Most of us are used to being approached by old, hunchbacked elderly selling tissue packets, but I was once approached by a young man who asked for some money for lunch.
Although I typically walk away when such people approach me, my heart was softened that day.
“Sure, shall we go to the Kopitiam?” I offered.
I accompanied the man there and bought him a plate of mixed rice. On his part, he was careful not to exceed the budget he’d asked for, carefully deliberating his choice of vegetables.
As I watched him gratefully tuck into his meal, I wondered if I would do this again. I still feel like I did the right thing that day. Why?
GENEROSITY TOWARDS THE NEEDY
The call to be generous towards the needy is found in both the Old and New Testament.
In Deuteronomy 15, Moses teaches the Israelites God’s Law on the year of the Sabbath. In view of Israel’s inability to keep the Law perfectly, Moses tells the Israelites, “there will never cease to be poor in the land”, therefore they are to open wide their hands to their brother, to the needy and to the poor in their land (Deuteronomy 15:11).
In trusting God to meet our needs, we look away from our sufficiency to God’s sufficiency.
This commandment is echoed in the New Testament in Luke 14:7, where Jesus teaches that believers are to aim to do good for the poor without expecting to eradicate poverty in this age.
As we heed this commandment, we may be questioning the value of being generous with those in need. Proverbs 19:17 makes this clear: graciously lending to the needy is akin to lending to the Lord.
As we meet the needs of others, we demonstrate reliance on God to provide for our own needs. In trusting God to meet our needs, we look away from our sufficiency to God’s sufficiency.
NEED GENEROSITY BE FINANCIAL?
Cynics will argue that peddling tissue has become a profitable income-earner, where peddlers are scamming their buyers at rip-off prices. Yet, I choose to ask myself: Would I rather be in their position, where I have to make ends meet by hook or by crook?
Of course, I cannot be certain how the money will be used – if it will be used in the way the person claims. Hence, I admit I tend to err on the side of caution as I don’t want my generosity to be taken for granted. I don’t want to risk having my money being used on feeding a harmful habit, such as the consumption of cigarettes or alcohol.
But I also remember this: In showing love to someone else, I do him no harm (Romans 13:10). So, taking this all into consideration, I’m willing to be generous in kind rather than in cash.
In showing love to someone else, I do him no harm.
In personal experience, I have had the privilege of sharing time and energy with a family who is less well-to-do, by reading with their preschool children. They have been directed to the appropriate platforms for financial assistance; nonetheless, I am repeatedly reminded not to give them money, were they to ask for it.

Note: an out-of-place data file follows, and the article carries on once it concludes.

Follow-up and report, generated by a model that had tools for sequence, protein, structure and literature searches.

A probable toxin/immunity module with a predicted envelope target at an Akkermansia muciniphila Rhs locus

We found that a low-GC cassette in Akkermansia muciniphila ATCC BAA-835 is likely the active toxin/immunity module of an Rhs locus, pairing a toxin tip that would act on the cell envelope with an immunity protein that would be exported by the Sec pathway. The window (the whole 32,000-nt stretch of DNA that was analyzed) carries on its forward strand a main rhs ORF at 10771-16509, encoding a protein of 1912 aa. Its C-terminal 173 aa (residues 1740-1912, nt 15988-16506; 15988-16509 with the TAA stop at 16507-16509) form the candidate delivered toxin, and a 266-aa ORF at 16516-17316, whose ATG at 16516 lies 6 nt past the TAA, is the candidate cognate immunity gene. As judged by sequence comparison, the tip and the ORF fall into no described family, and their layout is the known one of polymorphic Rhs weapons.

As I give my time and energy, I believe the family is no less blessed – my presence is an opportunity for their caregiver to take a momentary pause in caring for them. I know she appreciates my presence – in the midst of caring for young children, she treasures conversation with other adults.
Likewise, the children anticipate my visits – being read to is a treat their caregiver cannot afford time for, as her time is spent on taking care of their basic needs.
TRUE GENEROUS GIVING
As we seek to be generous both in cash and kind, it is worth remembering we are not always able to give to every person we meet. Hence, we give as we are able, bearing in mind their greatest need is not physical, but spiritual.
The New Testament speaks of spiritual hunger and thirst in the gospel of John.
When Jesus meets a Samaritan woman at the well in John 4, He offers her some water, telling her that whoever drinks of the water that Jesus will give them will never be thirsty again. The water that Jesus will give them will become in them a spring of water welling up to eternal life (John 4:14).
This water Jesus professes to give refers to the Holy Spirit dwelling within a believer (John 7:38-39).
Later, Jesus tells the crowds He is the Bread of Life (John 6:35) – which is superior to the manna provided in Moses’ day. He says this to tell the crowds He gives essential and eternal spiritual nourishment, instead of meeting only physical needs.
Hence, while we are called to give generously to the needy, we do so with discernment – in order that we don’t run the risk of doing more harm than good for the needy person. We also should be looking out for opportunities to meet their spiritual needs, not just their financial ones, as God avails.
At the end of the day, we cannot guarantee they’ll always get helped, but we can ensure they’ll always get loved.
“What good is it, my brothers, if someone says he has faith but does not have works? Can that faith save him? If a brother or sister is poorly clothed and lacking in daily food, and one of you says to them, “Go in peace, be warmed and filled,” without giving them the things needed for the body, what good is that? So also faith by itself, if it does not have works, is dead.” (James 2:14-17)